Antti O. Tanskanen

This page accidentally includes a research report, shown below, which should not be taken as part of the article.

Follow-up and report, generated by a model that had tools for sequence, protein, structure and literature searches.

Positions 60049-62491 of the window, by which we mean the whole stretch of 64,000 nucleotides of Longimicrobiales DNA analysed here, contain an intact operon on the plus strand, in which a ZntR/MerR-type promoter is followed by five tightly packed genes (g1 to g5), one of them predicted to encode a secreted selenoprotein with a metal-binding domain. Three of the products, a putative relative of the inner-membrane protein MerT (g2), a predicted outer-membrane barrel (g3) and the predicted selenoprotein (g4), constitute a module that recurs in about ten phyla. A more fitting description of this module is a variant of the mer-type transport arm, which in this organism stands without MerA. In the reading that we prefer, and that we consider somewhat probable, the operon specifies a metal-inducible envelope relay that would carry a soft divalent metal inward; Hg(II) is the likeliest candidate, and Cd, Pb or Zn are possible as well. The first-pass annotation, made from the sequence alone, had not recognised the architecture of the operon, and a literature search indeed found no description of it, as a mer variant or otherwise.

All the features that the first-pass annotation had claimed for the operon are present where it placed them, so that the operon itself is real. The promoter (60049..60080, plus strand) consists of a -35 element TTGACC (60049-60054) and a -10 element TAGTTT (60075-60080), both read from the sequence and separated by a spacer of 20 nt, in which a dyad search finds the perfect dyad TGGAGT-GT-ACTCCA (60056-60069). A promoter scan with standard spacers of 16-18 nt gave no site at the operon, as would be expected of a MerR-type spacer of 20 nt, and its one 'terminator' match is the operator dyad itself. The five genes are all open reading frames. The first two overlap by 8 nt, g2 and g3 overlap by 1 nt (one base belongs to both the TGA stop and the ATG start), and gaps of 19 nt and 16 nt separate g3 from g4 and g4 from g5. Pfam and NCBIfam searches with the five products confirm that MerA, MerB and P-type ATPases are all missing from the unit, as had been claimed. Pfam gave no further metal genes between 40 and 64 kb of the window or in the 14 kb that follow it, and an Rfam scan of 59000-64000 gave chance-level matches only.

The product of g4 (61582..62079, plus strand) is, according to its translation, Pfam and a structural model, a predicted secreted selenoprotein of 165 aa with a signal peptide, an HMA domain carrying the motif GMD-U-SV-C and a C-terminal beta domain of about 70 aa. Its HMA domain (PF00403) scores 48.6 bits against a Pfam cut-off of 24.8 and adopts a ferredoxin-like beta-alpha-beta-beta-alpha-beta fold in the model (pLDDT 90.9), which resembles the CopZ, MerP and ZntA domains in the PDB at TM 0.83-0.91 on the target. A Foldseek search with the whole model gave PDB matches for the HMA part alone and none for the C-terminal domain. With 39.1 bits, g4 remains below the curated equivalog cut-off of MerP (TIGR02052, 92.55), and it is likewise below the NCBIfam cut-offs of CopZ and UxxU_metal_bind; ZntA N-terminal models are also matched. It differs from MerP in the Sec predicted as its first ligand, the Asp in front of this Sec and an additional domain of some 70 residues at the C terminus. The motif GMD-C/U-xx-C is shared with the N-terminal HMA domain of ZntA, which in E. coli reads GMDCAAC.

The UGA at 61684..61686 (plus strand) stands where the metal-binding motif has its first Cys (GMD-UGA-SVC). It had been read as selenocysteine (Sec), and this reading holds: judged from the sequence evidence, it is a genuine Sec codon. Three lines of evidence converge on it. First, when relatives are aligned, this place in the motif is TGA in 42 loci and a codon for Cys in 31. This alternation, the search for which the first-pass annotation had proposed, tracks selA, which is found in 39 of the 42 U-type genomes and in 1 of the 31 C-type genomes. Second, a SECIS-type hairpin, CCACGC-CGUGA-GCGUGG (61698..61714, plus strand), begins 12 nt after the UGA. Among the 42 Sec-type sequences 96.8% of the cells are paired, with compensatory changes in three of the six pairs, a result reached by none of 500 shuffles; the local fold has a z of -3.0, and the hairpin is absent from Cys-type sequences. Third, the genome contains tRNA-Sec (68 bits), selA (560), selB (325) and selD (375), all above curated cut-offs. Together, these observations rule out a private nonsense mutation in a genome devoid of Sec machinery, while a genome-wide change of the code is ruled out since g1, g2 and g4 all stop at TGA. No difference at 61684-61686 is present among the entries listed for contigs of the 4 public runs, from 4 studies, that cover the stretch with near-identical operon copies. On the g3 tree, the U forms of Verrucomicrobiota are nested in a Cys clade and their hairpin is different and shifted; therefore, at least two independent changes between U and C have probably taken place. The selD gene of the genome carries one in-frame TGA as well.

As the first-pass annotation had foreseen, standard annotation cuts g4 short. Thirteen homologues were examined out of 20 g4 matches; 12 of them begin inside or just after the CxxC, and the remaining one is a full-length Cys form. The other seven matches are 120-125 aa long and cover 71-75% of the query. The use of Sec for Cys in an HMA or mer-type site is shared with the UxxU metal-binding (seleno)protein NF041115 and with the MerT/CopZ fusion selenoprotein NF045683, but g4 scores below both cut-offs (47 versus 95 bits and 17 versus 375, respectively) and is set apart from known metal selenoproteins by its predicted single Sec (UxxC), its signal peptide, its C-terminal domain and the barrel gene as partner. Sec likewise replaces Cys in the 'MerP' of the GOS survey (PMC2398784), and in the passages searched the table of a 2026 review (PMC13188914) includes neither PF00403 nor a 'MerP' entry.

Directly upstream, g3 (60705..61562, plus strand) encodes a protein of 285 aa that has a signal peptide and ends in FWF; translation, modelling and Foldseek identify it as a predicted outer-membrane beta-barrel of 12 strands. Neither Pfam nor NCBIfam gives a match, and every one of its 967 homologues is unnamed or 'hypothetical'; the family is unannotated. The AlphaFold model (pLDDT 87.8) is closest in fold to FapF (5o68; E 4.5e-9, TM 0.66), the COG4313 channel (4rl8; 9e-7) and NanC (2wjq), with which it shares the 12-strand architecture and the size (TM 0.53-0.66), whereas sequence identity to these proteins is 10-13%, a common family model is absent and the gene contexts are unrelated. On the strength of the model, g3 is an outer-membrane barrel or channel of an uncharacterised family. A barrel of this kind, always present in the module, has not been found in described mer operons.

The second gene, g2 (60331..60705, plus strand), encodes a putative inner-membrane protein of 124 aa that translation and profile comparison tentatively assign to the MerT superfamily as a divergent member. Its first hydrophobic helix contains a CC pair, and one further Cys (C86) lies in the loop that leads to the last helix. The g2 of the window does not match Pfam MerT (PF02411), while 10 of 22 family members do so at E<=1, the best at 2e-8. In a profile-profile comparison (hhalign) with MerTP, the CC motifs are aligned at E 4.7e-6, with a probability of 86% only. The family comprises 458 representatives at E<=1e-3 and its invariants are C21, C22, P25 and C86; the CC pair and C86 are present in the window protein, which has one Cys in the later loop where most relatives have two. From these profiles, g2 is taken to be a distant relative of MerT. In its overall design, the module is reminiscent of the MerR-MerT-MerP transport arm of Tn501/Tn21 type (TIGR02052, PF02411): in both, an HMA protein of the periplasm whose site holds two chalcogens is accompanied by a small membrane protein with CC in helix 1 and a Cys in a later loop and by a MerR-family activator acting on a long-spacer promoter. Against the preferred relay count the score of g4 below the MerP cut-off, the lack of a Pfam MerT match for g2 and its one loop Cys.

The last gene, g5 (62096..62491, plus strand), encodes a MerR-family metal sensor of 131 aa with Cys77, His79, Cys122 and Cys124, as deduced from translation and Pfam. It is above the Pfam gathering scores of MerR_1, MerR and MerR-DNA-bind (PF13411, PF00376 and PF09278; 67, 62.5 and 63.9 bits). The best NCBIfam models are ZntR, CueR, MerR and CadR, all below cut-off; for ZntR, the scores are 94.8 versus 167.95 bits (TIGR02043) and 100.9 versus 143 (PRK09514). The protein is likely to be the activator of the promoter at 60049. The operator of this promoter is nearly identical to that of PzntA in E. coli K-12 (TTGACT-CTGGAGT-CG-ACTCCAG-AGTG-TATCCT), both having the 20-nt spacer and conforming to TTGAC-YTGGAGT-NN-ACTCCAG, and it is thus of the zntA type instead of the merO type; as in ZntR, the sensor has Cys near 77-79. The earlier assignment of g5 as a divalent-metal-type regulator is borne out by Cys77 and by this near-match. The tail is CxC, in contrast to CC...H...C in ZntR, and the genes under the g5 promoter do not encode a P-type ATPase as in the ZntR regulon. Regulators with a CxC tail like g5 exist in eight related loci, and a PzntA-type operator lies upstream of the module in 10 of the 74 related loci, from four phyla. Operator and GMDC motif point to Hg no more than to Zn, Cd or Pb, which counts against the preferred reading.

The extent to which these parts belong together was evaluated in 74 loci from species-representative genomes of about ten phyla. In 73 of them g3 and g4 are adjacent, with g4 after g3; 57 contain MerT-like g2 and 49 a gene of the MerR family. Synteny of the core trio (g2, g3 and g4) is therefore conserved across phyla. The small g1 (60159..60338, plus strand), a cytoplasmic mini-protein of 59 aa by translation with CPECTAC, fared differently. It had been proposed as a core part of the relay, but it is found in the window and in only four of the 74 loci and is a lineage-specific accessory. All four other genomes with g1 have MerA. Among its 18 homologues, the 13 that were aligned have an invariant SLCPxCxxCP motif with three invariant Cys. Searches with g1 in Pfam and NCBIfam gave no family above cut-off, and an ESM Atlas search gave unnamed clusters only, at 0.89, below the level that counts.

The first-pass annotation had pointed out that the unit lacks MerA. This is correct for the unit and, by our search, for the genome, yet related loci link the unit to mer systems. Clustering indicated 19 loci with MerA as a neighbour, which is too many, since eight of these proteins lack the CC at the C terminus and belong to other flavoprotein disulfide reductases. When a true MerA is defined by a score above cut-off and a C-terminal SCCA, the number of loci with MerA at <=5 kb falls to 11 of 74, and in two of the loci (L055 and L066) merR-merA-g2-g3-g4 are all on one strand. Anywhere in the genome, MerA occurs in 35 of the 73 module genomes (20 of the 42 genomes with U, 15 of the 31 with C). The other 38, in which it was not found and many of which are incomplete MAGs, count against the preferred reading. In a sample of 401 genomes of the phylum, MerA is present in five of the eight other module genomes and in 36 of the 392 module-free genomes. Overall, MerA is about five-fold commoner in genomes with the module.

The birth of a child may re-orientate the relations between adult children and their parents; however, the previous studies on the topic are both scarce and methodologically limited. The current study investigates whether younger adults’ entry into parenthood (i.e., the birth of the first child) is associated with increased contact frequency, emotional closeness, intimacy and conflict with their own parents. The participants are from the German Panel Analysis of Intimate Relationships and Family Dynamics, which is a prospective survey of younger adults with six annual follow-up waves between 2009 and 2014. Within-person regression with a focus on each individual’s variation over time was used to detect changes in intergenerational relations. The contact frequency between daughters and mothers increased after the arrival of their first child. In contrast, the emotional closeness and intimacy between sons and mothers decreased after the birth of their first child. The results are discussed with reference to gender-based differences in intergenerational relations.